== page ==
Qualcomm’s chips already power virtually every Android smartphone on the market, but the company has long set its sights beyond this core market and is increasingly looking at IoT as one of its next major growth areas. Earlier this year it launched its new embedded platform for IoT developers; today, it’s introducing two new systems-on-a-chip for IoT, the QCS605 and QCS603, that combine a multicore ARM processor with the company’s AI engine and an image signal processor.
The standard use for these chips is in smart security cameras for both consumers and industry, as well as sports cameras, wearable cameras, VR, robotics and smart displays — anywhere you need a good amount of computing power at the edge, as well as the ability to interpret images and run pre-trained machine learning models.
Qualcomm’s IoT journey started a few years ago. Early on, this was mostly about re-purposing the company’s Snapdragon mobile chips for this market. As Qualcomm’s VP of product management Seshu Madhavapeddy told me, the company now believes that it has reached a critical mass of business in IoT — and thanks to that, it now also has a far better understanding of the market’s needs. Instead of just reusing and tweaking existing systems, Qualcomm is now looking to create purpose-built chipsets that still leverage the building blocks of its smartphone tech but also feature custom designs.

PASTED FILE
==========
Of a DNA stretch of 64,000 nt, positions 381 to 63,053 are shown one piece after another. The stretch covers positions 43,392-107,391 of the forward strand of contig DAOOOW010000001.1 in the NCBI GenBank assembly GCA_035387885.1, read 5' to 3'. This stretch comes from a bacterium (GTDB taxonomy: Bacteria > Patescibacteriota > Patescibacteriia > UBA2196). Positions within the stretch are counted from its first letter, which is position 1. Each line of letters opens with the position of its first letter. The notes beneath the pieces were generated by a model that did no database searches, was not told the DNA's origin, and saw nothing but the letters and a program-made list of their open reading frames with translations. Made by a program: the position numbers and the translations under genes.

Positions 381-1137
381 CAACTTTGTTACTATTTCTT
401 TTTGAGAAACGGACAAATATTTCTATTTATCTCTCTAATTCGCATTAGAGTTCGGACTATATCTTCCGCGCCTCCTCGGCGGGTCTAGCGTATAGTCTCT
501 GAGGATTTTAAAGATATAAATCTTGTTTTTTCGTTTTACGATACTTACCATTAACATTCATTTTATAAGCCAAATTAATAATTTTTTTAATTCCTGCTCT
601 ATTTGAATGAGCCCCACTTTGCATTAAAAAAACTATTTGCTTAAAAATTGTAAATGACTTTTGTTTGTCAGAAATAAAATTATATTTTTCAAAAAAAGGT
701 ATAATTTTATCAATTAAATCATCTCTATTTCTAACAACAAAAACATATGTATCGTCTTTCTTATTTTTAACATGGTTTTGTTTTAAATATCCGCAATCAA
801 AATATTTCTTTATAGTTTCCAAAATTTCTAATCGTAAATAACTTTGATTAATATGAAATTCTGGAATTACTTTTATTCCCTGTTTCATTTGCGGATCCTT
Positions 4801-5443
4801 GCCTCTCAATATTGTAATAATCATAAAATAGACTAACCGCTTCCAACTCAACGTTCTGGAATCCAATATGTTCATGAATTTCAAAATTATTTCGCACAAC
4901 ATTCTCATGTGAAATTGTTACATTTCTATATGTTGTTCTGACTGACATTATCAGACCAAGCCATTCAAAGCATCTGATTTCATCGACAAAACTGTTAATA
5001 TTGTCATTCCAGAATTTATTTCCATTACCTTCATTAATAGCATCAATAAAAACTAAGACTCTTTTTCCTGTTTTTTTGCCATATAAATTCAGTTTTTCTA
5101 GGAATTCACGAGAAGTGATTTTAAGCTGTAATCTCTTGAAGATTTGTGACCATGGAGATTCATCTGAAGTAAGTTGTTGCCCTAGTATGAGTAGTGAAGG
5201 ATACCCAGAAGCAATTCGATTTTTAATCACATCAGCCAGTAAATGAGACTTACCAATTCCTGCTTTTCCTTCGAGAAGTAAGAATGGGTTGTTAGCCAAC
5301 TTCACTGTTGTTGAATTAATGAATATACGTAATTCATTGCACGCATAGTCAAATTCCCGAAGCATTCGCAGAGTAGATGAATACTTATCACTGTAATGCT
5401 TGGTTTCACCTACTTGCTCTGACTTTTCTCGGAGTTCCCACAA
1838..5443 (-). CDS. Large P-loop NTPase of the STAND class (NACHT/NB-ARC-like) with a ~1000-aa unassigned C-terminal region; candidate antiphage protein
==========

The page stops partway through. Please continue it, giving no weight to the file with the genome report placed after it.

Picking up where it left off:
For these new chips, that custom design focuses mostly on the AI engine. That part of the chip can handle 2.1 trillion operations per second for neural network inferencing. That’s only a little bit slower than the promised performance of a Mobileeye EyeQ4 chip. As Madhavapeddy stressed, it’s far more efficient to bring inference to the edge, both in terms of latency and bandwidth. There’s no need for the data to make a roundtrip to the data center, after all. “We anticipated that trend, we have seen that trend, and we are catering to that,” he said.
Developers and data scientists can create their models using any of the standard machine learning frameworks, and Qualcomm will offer an SDK to port those over to its chips.
All of that AI power is only useful when you have good data to work with, so the team also focused strongly on the actual image processing part of the chips. “The camera tech uses the best of the camera tech we have at Qualcomm,” Madhavapeddy said. But while the underlying tech is similar, the kind of use cases the team anticipates don’t quite match the expectations of smartphone users. You want to have great low-light video performance in both IoT and consumer cameras, for example, but in an IoT device like a security camera, your focus isn’t on aesthetics. Similarly, the image stabilization algorithms of a sports camera that you’ll attach to your mountain bike need to be tuned differently from those of a smartphone.
Once you have all of those building blocks in place, you also need to offer developers the ability to run their software on them, of course. “Regardless of what product you are building, our customers add a lot of different software to differentiate the product they are building,” said Madhavapeddy. For a VR camera, that’s the software that combines the images from all the cameras, for example.
To help developers and OEMs build on top of these new SoCs, Qualcomm also today announced a new VR camera reference design in cooperation with Altek based on the QCS605, as well as an industrial security camera reference design based on the QCS603.
Both systems are sampling now and we’ll likely see the first products based on them in the second quarter of this year.